Medford police may go outside city to help stop crime

On May 13, I was traveling to California, and at about 5:30 a.m., I was at Milepost 10 on the north side near the old rest stop when I spotted a Medford city police car sitting perpendicular to Interstate 5. I thought it was odd but continued on. When I approached the state line at Milepost 1 near Hilt I came upon another Medford city police car going southbound and turning left to go back north. This has bothered me ever since. Maybe you missed reporting that the city limits of Medford has been expanded to the California border, or that crime has been eliminated in Medford and the city police were fighting crime elsewhere. I have talked to several people who pay taxes in Medford, and we all are wondering why their tax dollars are being spent this way?

— Jerry E., Jacksonville

We don't want you losing sleep over this one, Jerry, so we'll try to come up with a rational explanation for the location of those Medford police officers.

What we found is that Medford police and other law enforcement agencies have agreements to help each other out during pursuits, manhunts, standoffs and other major operations. That even extends to big events: For instance, police from Eagle Point and Ashland help out during Pear Blossom, while Medford backs up Ashland on Halloween night.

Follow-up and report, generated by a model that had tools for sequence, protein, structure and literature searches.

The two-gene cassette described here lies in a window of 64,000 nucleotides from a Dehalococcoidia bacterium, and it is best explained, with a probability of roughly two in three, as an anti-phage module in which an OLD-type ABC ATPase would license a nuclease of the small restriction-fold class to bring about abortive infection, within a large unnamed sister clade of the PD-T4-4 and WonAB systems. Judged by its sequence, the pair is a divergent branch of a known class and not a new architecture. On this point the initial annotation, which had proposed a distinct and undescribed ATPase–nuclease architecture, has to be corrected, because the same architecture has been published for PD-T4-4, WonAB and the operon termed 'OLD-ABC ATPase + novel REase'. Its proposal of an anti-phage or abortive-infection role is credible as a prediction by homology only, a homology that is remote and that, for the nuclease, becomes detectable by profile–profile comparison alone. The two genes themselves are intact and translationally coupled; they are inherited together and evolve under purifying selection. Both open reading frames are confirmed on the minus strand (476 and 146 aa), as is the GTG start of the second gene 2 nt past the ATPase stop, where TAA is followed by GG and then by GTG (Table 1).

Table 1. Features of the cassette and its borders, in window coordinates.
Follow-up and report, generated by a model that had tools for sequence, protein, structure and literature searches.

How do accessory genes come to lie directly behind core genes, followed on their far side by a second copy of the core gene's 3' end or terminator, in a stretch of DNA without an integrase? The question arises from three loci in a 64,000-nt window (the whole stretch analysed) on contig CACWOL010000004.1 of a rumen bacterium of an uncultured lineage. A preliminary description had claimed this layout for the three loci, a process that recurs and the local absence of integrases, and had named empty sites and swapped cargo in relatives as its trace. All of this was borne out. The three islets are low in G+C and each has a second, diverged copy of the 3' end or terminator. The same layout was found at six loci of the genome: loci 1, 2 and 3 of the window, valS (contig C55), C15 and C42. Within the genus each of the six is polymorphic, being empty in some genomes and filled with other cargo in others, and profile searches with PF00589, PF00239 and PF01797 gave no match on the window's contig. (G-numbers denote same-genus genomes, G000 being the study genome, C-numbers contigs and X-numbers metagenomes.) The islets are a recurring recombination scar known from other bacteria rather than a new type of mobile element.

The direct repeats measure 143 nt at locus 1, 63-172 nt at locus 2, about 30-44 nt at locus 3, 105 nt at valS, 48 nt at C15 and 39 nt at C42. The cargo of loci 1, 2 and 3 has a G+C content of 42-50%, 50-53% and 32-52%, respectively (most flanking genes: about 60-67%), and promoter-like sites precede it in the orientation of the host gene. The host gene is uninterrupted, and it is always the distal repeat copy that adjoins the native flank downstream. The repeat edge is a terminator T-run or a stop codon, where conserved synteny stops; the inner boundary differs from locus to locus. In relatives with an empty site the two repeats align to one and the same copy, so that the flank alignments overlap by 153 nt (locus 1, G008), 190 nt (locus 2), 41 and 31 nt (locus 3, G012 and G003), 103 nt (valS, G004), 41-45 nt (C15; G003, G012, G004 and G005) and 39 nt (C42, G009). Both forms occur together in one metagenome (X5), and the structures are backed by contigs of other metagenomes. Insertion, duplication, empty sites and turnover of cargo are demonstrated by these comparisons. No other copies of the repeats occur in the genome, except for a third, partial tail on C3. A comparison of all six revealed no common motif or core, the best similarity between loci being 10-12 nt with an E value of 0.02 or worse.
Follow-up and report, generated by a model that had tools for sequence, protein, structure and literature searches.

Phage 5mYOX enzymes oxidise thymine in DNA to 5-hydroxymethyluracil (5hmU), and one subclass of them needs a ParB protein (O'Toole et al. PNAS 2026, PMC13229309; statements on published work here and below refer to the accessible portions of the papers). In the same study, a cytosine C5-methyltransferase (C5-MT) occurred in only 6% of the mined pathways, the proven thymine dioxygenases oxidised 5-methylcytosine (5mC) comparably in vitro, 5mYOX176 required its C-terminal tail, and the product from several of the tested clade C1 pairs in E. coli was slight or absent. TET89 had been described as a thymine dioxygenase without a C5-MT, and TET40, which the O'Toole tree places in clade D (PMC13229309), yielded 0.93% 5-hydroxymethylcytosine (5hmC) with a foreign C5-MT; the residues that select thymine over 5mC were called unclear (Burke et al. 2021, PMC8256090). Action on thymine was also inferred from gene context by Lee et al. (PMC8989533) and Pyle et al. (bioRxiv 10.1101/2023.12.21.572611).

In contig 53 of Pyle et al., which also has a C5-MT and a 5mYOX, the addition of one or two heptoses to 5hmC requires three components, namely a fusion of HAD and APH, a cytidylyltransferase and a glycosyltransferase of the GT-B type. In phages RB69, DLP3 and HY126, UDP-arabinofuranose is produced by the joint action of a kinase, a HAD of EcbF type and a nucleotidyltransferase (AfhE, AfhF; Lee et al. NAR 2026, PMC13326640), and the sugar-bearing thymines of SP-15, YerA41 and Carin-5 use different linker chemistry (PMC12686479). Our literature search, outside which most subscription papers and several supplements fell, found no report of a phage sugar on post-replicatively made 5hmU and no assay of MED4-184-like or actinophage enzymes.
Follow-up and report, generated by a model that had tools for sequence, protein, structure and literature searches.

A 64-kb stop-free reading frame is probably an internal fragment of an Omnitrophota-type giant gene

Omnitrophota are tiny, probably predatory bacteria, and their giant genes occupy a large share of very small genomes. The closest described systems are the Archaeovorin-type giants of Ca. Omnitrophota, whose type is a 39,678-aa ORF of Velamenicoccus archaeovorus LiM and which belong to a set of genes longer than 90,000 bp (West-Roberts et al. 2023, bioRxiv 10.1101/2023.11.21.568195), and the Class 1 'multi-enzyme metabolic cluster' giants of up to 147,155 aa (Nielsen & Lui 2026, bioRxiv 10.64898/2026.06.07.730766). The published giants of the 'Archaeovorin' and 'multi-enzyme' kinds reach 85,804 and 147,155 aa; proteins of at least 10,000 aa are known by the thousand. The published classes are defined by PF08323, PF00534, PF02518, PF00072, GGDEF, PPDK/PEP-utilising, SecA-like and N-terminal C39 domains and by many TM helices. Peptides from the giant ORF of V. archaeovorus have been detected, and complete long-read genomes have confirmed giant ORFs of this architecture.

As to your question, we went directly to Medford Police Chief Randy Schoen. He said his officers often assist the Oregon State Police and other agencies when they are looking for suspects who may be traveling on Interstate 5.Sometimes, the initial crime occurred in Medford or elsewhere in Oregon; at other times a suspect could be on the run, heading north from California.

"We're up there doing investigative work," Schoen said. "We're not up there doing highway stops."

Some of his investigators also work with agencies such as the FBI or DEA in drug interdiction cases. Sometimes federal, state and local law enforcement agencies work together on regional drug bust operations, often through the Medford Area Drug and Gang Enforcement Team, which coordinates with many agencies. In February, the team arrested a man suspected of dealing heroin near a Phoenix school and also charged a Prospect man with possession of 52 pounds of marijuana.

Schoen said that before officers are deployed outside of the city limits, he makes sure there are enough officers to handle emergencies in town. When it comes to crime, the criminals don't have any borders and neither does law enforcement, Jerry.

Send questions to "Since You Asked," Mail Tribune Newsroom, P.O. Box 1108, Medford, OR 97501; by fax to 541-776-4376; or by e-mail to We're sorry, but the volume of questions received prevents us from answering all of them.

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